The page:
Summary: A gene has been discovered that is needed for puberty. The gene is called GPR54, which stands for G protein-coupled receptor gene. Mutations in GPR54 gene were found that prevent a person from entering puberty. But giving the person some gonadotropin-releasing hormone lets them enter puberty. Complementary mouse studies indisputably established a pivotal role for GPR54 in puberty. GPR54 appears to regulate the secretion of gonadotropin-releasing hormone by the part of the brain called the hypothalamus and that hormone unleashes the pulsating cascade culminating in puberty.
Comment: And to think that this GPR54 gene may initiate all the throes of adolescence!
For more information, please see the following the MedicineNet.com Teen Center.
New Study Identifies Gene Signaling Puberty
Researchers have identified a gene that appears to be a crucial signal for the beginning of puberty in human beings as well as in mice. Without a functioning copy of the gene, both humans and mice appear to be unable to enter puberty normally. The newly identified gene, known as GPR54, also appears necessary for normal reproductive functioning in human beings.
"The discovery of GPR54 is an important step in understanding the elaborate sequence of events needed for normal sexual maturation," said Duane Alexander, M.D., Director of the National Institute of Child Health and Human Development (NICHD). "Findings from this study may lead not only to more effective treatments for individuals who fail to enter puberty normally, but may provide insight into the causes of other reproductive disorders as well."
Puberty begins when a substance known as gonadotropin releasing hormone (GnRH) is secreted from a part of the brain called the hypothalamus. Individuals who fail to reach puberty because of inherited or spontaneous genetic mutations are infertile.
"The discovery of GPR54 as a gatekeeper for puberty across species is very exciting" said the study's first author, Stephanie B. Seminara, of the Reproductive Endocrine Unit, Massachusetts General Hospital. "In the future, this work might lead to new therapies for the treatment of a variety of reproductive disorders."
The GPR54 gene contains the information needed to make a receptor. Receptors and the molecules that bind to them are analogous to a lock and a key mechanism. Like a key fits into a lock, certain molecules bind to their receptors, which usually sit atop a cell's surface. Once the binding takes place, the cell either will begin a new biochemical activity, or halt an ongoing activity. The researchers think that the molecule metastatin binds to the GPR54 receptor. As of yet, they do not know what precise effect the molecule may have on cells.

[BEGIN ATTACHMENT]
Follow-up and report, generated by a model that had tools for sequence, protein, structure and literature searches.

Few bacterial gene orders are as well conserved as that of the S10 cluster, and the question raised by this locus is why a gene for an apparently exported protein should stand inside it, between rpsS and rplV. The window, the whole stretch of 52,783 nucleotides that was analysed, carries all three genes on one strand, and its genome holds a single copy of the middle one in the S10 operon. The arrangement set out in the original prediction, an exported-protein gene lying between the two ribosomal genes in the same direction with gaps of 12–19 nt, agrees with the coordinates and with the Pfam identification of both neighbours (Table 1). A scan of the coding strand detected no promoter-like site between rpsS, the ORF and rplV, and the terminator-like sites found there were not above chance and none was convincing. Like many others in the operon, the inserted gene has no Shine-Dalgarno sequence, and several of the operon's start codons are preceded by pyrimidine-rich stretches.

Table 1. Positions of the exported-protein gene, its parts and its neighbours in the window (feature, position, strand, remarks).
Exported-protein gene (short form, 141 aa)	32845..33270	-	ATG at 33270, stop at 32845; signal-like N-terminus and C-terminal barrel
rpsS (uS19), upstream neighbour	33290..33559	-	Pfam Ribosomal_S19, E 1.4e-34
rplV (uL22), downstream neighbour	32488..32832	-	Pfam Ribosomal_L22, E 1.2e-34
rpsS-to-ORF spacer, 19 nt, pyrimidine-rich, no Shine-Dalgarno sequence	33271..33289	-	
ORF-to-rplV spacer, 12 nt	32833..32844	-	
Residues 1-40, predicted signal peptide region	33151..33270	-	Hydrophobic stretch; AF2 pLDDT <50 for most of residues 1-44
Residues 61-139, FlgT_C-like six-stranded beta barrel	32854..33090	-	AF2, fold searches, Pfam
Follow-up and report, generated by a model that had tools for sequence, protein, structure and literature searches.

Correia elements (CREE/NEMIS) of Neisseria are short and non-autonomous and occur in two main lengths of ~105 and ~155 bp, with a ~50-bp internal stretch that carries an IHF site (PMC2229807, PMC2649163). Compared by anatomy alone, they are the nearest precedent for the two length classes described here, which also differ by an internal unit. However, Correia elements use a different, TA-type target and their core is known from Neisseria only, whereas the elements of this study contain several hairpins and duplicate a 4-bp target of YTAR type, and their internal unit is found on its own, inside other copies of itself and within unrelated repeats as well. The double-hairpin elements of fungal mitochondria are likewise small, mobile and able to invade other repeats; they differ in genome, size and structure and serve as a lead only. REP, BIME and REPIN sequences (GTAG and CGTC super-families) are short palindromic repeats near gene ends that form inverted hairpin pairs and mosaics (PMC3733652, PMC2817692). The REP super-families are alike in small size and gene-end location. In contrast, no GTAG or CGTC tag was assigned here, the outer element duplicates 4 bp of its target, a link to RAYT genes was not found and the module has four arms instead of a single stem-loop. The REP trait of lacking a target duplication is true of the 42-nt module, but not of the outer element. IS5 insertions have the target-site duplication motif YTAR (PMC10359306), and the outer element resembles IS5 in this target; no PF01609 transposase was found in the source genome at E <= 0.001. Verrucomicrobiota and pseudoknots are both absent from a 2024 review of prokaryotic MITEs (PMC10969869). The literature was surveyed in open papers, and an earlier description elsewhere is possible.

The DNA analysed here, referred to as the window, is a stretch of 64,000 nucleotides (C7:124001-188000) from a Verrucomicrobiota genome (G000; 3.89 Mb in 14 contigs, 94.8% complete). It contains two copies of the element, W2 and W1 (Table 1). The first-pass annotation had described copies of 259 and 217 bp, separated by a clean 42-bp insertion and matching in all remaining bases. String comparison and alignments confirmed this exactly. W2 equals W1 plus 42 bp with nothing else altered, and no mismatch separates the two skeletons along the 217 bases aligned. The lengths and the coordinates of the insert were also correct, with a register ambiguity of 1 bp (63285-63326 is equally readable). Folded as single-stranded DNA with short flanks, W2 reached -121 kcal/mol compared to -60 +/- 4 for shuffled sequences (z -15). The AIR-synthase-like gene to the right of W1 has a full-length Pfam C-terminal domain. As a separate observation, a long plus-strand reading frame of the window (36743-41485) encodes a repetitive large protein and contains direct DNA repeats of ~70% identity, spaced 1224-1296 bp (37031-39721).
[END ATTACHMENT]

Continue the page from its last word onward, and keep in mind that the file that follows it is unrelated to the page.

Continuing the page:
The researchers sought to learn which genes are involved in triggering the brain's release of GnRH at puberty. Two teams of researchers working independently of each other were involved in the discovery. One consisted of US based researchers, the other, of British researchers.
The US team included scientists from Massachusetts General Hospital, Brigham and Women's Hospital, and Harvard Medical School who collaborated with a researcher at Kuwait University. The British team included researchers from the University of Cambridge and Paradigm Therapeutics Ltd. in Cambridge.
The US researchers isolated the gene from members of a Saudi Arabian family that suffered from idiopathic hypogonadotropic hypogonadism (IHH), a rare inherited disease in which sexual development is incomplete or does not occur because of insufficient release of GnRH from the hypothalamus. If untreated, individuals with this disorder fail to develop sexually.
By analyzing genetic material from men and women with IHH, the US researchers first discovered that a certain region of chromosome 19 carried the mutant gene responsible for IHH. The researchers then identified GPR54 as the possible gene.
Working independently of the US. and Kuwaiti researchers, the British researchers created mice lacking GPR54. The mice without GPR54 also failed to reach puberty. The study authors found, however, that the brains of the mice contained normal levels of GnRH. The researchers do not yet know why the animals were unable to enter puberty, despite producing normal amounts of the hormone.
The findings from the two research teams complement each other, explained NICHD project officer Louis De Paolo, Ph.D, of NICHD's Reproductive Sciences Branch.
"Through some careful detective work, the US researchers pinpointed the gene that causes IHH in this family," said Louis De Paolo, Ph.D., project officer in NICHD's Reproductive Sciences Branch. "Using the mouse model, the British researchers gained an important insight into the function of the gene."
Source: National Institutes of Health (www.nih.gov)